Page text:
Ward 4 Alderman Michael McLendon noted that veterinary bills were running $6,000 to $7,000 a month since all of the veterinary care has to be outsourced and cannot be performed at the cramped shelter.
Hernando Police Chief Scott Worsham said some bills had simply stacked up and had not been paid. Animal control in the city has been placed under the auspices of the police department.
Worsham also spoke passionately about the need for a new animal shelter.
"On April 16, 2016 we earmarked money for the animal shelter," Worsham said. "Two years later we still don't have an animal shelter. We have nothing. I don't think we are doing justice to earmark money and do nothing with it. I know there has been a lot of talk about Renasant Park and putting it there."
"Renasant Park has been very gracious by donating property for the park," Higdon said. "I don't think we should put the blame back on them."
"Yes, it is gracious," Hobbs responded. "But don't think they are pro Hernando for a second. All they did was get it off their books," said Hobbs of the bank dispensing with bank-owned property following the Great Recession of 2008.
"Modern-day shelters are built in parks," said Huff, equally perplexed that Renasant Park is exerting what she feels is undue influence on any plans for a shelter on property the city now owns.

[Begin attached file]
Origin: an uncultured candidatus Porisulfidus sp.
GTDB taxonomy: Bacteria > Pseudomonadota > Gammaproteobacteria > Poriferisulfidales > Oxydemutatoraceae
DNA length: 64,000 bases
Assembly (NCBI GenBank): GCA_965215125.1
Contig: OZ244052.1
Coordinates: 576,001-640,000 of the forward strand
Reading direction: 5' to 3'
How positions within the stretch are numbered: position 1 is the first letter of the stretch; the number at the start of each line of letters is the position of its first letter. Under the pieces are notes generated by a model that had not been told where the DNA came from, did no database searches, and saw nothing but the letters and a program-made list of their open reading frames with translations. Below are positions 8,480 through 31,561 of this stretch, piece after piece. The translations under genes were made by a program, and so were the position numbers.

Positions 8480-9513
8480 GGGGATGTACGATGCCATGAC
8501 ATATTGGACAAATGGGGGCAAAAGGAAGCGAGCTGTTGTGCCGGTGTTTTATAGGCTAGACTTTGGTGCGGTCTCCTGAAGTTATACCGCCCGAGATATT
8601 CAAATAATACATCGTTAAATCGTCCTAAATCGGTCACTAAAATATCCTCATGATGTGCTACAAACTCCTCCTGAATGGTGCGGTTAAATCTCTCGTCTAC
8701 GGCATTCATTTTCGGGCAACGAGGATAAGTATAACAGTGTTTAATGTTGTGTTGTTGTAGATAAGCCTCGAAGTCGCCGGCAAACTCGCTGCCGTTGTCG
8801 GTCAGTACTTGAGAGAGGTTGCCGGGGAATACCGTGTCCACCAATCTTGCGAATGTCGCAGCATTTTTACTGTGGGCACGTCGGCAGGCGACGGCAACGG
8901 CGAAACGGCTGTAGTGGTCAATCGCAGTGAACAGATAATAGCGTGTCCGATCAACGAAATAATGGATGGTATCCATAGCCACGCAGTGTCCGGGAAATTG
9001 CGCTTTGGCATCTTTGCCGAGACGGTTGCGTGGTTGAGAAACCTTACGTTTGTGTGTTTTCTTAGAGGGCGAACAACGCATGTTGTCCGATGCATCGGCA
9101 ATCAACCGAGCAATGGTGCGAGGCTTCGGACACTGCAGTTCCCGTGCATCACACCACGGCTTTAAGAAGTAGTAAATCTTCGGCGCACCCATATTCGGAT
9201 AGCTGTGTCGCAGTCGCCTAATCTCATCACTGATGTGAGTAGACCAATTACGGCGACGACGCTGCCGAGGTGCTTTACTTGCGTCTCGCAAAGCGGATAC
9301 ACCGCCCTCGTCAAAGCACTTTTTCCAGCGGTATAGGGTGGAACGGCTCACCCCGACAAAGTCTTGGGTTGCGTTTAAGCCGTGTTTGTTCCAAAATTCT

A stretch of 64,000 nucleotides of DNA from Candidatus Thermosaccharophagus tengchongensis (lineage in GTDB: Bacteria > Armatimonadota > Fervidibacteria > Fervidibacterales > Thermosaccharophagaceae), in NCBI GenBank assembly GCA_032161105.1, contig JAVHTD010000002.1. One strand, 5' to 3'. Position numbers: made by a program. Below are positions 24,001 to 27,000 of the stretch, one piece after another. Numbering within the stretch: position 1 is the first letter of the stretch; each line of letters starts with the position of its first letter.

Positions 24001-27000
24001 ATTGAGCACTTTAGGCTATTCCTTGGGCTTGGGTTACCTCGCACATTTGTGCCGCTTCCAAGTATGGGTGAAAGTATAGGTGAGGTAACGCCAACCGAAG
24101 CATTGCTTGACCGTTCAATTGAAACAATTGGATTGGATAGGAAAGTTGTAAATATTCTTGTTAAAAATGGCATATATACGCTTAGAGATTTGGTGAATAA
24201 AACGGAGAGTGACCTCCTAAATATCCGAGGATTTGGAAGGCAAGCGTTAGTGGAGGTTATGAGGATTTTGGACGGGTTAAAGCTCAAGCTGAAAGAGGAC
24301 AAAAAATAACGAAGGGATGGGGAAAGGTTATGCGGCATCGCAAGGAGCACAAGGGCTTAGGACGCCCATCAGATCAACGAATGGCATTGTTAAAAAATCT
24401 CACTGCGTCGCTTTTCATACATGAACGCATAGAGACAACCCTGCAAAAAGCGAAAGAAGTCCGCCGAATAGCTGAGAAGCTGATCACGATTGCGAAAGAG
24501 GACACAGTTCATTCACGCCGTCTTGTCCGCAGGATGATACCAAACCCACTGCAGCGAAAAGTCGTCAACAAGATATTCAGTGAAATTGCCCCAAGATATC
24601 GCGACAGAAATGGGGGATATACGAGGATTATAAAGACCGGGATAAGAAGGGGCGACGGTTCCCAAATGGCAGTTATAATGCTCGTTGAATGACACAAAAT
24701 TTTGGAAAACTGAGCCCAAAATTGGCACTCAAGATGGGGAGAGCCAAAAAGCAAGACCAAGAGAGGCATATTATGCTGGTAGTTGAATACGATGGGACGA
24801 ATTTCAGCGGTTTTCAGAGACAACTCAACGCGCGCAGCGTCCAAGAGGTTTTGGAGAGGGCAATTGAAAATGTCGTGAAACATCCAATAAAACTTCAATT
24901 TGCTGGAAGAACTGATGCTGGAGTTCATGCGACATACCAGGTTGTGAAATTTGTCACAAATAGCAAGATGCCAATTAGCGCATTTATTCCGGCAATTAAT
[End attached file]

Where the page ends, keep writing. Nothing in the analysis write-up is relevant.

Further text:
Katie Millican has worked as a volunteer at the Hernando Animal Shelter for several years. Her husband is a DeSoto County deputy who has been deployed to the Middle East in the past.
Millican said a shelter in Longmont, Colorado that began nearly as small and incomplete as Hernando relocated its helper to a highly visible area that drew parents and children and it is now flourishing.
"It is in a building that is attractive and accessible," Millican said. "Our volunteers jumped to 200 people and that shelter now has about 800 volunteers. Hernando deserves a safe, smart place to house animals. Currently our shelter is housed in a garage behind a fire station."
Huff echoed Millican that Hernando's animal shelter is woefully inadequate.
"Our big challenge is that it's too small," Huff said. "We don't have a phone. We don't even have a restroom. We don't have anywhere to keep our vaccines. Our shelter is unsafe. It's a garage with corrosion. The porous concrete floors retain a urine smell. The shelter is unsafe for puppies. We only have two animal shelter staff. The city doesn't pay one penny for food. We have it all donated. When I came, animals were sleeping on a cold wet floor."
Worsham again pleaded for city officials to take action and do something.
"Two-and-a-half years later, we need direction from you," Worsham said. "I will support the decision that you make. I ask you strongly to give me direction on how to proceed.”
Robert Lee Long is Community Editor for the DeSoto Times-Tribune. He may be contacted at email@example.com or at 662-429-6397, Ext. 252.